Us Forex News – News trading is becoming increasingly popular among forex traders because it offers opportunities to make large profits in a relatively short period of time. However, just as not all fingers are created equal, not all macroeconomic news events have the same effect on the market. For example, the German Flash Manufacturing PMI will always have a greater impact on the Euro than the French Flash Manufacturing PMI. If you open an economic calendar, you can see in advance which news will have the most impact on the market and the rest can be easily ignored. For example, if you’re trading the Australian dollar, you can easily ignore the Conference Board’s month-to-month reading as it moves AUD/USD or AUD/CAD, and even if it does, it’s likely a move. will win It does not change the current trend. Compared to low-impact news such as the leading CB index, the Australian unemployment rate or the overnight rate set by the Reserve Bank of Australia (RBA) can have a large impact on AUD/USD or any other currency. Australian Dollar So, how do you know which news event to follow out of the hundreds of stories out there? The good news is that, just like the Pareto principle, a handful of news releases are responsible for most of the price movement in most currency pairs. Some of these news events are common to all currencies, and if you can understand how these events affect your favorite currency, you’ll be way ahead of most novice traders who just look at the charts. #1: Unemployment One of the key responsibilities of central banks around the world is to maintain low unemployment rates. The most important monetary policy decision of any central bank is to approach the non-accelerating unemployment NAIRU inflation rate. All major economies release unemployment figures every month and they will be low. The currency will improve. Partly because when the unemployment rate falls below the NAIRU, which is always close to 4.0 percent, central banks start raising interest rates to reduce inflation and slow the economy. This high inflation and high interest rates are strongly correlated with low unemployment rates. Therefore, the unemployment rate serves as a key indicator of future monetary policy decisions. Figure 1: UK and EU unemployment rates Currently, the EU unemployment rate is much higher than the UK unemployment rate. Therefore, a simple analysis shows that the value of the Euro will be higher than the British Pound (EUR/GBP). If you have a consensus forecast that the EU unemployment rate will fall next month but remain unchanged in the UK, you might consider that as bearish news for EUR/GBP. Number 2: Gross Domestic Product (GDP) Growth Rate Gross Domestic Product (GDP) is like a scorecard in a game. It measures the overall health of the economy, and the higher the GDP growth rate, the stronger the currency. If you trade GBP/USD, you can easily determine which way the pair will move in the coming weeks by tracking US and UK GDP growth. Figure 2: GDP growth rates for the United States and the United Kingdom In Figure 2, you can see that the United States’ GDP growth rate is generally closer to that of the United Kingdom. However, one often exceeds the other. Seeing that the US GDP growth rate is higher compared to the UK growth rate, you can interpret it as a bearish signal for GBP/USD. Similarly, if you lower New Zealand’s GDP growth forecast compared to the UK, that would be a big sign for GBP/NZD. Figure 3: Release of GDP data leads to spontaneous inflation Figure 3: Consumer Price Index (CPI) The Consumer Price Index (CPI) measures inflation in the economy relative to the base year. You don’t need to be an economist to understand how inflation affects a particular set of currencies, but some basic understanding will help you go the extra mile. You see, most central banks have a monetary policy that tries to keep inflation within a certain range. When inflation rises above this rate, central banks increase interest rates to curb inflation. Most central banks try to limit inflation to 2.0% and use the CPI to measure it. However, the Federal Reserve, the central bank of the United States, uses the Personal Consumption Expenditure Index instead of the CPI. So, if you’re burning the US dollar and want to predict the future interest rate outlook, use the PCE index. However, any time you see the CPI forecast to rise, it’s big news for the currency. For example, if UK CPI is forecast for the quarter at 2.5% and Australian CPI remains at 1.5%, it will have a significant impact on GBP/AUD. #4: You see overnight interest rates, banks lend money to each other, but they do it overnight. Central banks try to influence the overnight rate by lending money in the money market at their own overnight rate, and this is an important tool in their monetary policy arsenal. The overnight interest rate is a key factor in market volatility, which also affects volatility. In fact, many traders think that the main purpose of fundamental analysis is to predict the future interest rates of major central banks. While monetary policy is difficult to understand even for veteran economists, the way to interpret this news is simple. If you anticipate that the Fed is likely to raise rates overnight, that could have a significant impact on the US dollar. So, for example, if the Bank of Japan rate remains unchanged, it will be bullish news for USD/JPY. #5: US Non-Farm Payrolls (NFP) Data Non-farm payrolls measure the number of additional jobs added in the US corporate sector since the previous month, an important indicator of overall employment conditions in the country. Figure 4: Impact of non-farm payrolls data on EUR/USD USD The US dollar is the global reserve currency, and non-farm payrolls data is usually released by the US Bureau of Labor Statistics (BLS) on the first Friday of each month. ). While there isn’t a comparable data release in every economy, you should definitely keep an eye on the USNFP as it will ultimately have a big impact on all US dollar pairs. If you see that the NFP forecast is higher than last month, that’s great news for the USD. So, for example, there will be a bullish effect on USD/JPY and a bearish effect on EUR/USD. Number 6: Organization of Petroleum Exporting Countries (OPEC) OPEC is basically a global cartel. OPEC countries consist of 15 or 15 major crude oil producing countries such as Saudi Arabia, Kuwait, Iran, etc., currently OPEC countries own 44% of the world’s crude oil and their decision to increase or decrease crude oil production plays a role. It will be basic. Role. Impact on the global energy market Due to the way resources are distributed, there is a strong relationship between the currency market and oil prices. Therefore, BOT can affect the balance and influence the market sentiment. Because of the impact on oil prices, OPEC decisions can move the currency market as it affects global production, and as forex traders you should monitor what OPEC is doing. You see, crude oil is in US dollars because it is the reserve currency. Therefore, any national currency of a country with large reserves of crude oil is affected by the price of crude oil. In addition, lower energy prices mean more disposable income for consumers, creating demand for goods and services and increasing sales. Thus, when OPEC increases production, it increases GDP growth in the United States, which has large oil reserves. But it may not have a significant impact on the Japanese yen because Japan does not have large oil reserves. In this scenario, USD/JPY would rise as lower oil production would be big news for the USD. Although it is difficult to analyze the possible effect of oil prices on a currency, knowing and understanding its effects by studying detailed analysis will allow you to understand market conditions and make better trades.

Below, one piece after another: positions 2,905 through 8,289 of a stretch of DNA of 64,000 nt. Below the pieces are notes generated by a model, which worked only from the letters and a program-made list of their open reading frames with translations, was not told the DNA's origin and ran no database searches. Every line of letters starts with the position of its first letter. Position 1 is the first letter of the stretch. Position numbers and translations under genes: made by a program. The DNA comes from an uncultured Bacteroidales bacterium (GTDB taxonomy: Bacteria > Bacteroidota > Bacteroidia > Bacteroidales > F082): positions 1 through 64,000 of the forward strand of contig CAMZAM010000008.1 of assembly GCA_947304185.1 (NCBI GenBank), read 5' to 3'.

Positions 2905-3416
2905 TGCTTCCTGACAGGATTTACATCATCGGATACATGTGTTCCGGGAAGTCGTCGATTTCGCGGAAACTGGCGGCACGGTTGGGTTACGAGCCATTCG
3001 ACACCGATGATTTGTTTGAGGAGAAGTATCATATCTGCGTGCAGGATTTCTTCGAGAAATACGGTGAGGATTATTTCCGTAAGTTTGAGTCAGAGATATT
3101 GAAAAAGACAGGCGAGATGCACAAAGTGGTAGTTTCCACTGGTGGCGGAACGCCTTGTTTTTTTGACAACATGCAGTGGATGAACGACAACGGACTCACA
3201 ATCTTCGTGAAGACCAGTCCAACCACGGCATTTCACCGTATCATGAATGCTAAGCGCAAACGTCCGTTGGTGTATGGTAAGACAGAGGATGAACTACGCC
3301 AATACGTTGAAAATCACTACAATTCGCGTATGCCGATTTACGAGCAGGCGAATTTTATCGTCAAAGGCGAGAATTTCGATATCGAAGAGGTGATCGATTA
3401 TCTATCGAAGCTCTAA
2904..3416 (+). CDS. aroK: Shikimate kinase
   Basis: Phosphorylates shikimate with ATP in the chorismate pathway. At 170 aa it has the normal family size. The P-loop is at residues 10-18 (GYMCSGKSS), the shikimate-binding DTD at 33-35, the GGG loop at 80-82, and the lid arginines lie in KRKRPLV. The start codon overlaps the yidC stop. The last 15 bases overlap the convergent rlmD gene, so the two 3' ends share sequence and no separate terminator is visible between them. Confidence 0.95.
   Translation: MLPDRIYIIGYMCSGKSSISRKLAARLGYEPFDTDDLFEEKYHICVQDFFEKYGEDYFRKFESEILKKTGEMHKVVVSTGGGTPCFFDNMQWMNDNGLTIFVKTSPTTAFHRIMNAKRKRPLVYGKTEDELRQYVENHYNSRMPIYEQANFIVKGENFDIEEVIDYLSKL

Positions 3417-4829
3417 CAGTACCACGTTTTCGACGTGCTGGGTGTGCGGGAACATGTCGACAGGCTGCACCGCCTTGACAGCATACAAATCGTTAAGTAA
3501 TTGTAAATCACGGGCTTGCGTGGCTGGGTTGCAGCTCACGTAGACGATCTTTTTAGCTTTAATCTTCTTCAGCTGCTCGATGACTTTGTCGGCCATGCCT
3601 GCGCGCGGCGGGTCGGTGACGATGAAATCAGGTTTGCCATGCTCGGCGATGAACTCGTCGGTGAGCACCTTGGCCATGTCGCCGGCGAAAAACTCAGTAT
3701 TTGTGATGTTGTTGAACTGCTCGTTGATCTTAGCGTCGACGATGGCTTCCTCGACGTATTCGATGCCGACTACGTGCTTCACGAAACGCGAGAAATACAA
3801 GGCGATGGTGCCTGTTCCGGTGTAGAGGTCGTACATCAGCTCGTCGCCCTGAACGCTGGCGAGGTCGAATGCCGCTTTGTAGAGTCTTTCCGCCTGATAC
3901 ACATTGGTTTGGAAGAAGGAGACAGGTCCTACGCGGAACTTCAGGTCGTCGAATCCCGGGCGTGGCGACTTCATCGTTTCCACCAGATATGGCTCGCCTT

Best us forex brokers, top us forex brokers, us regulated forex brokers, us dollar forex news, forex news api, us forex brokers, best forex broker us, forex com us, us forex, us forex market news, forex news, forex trading in us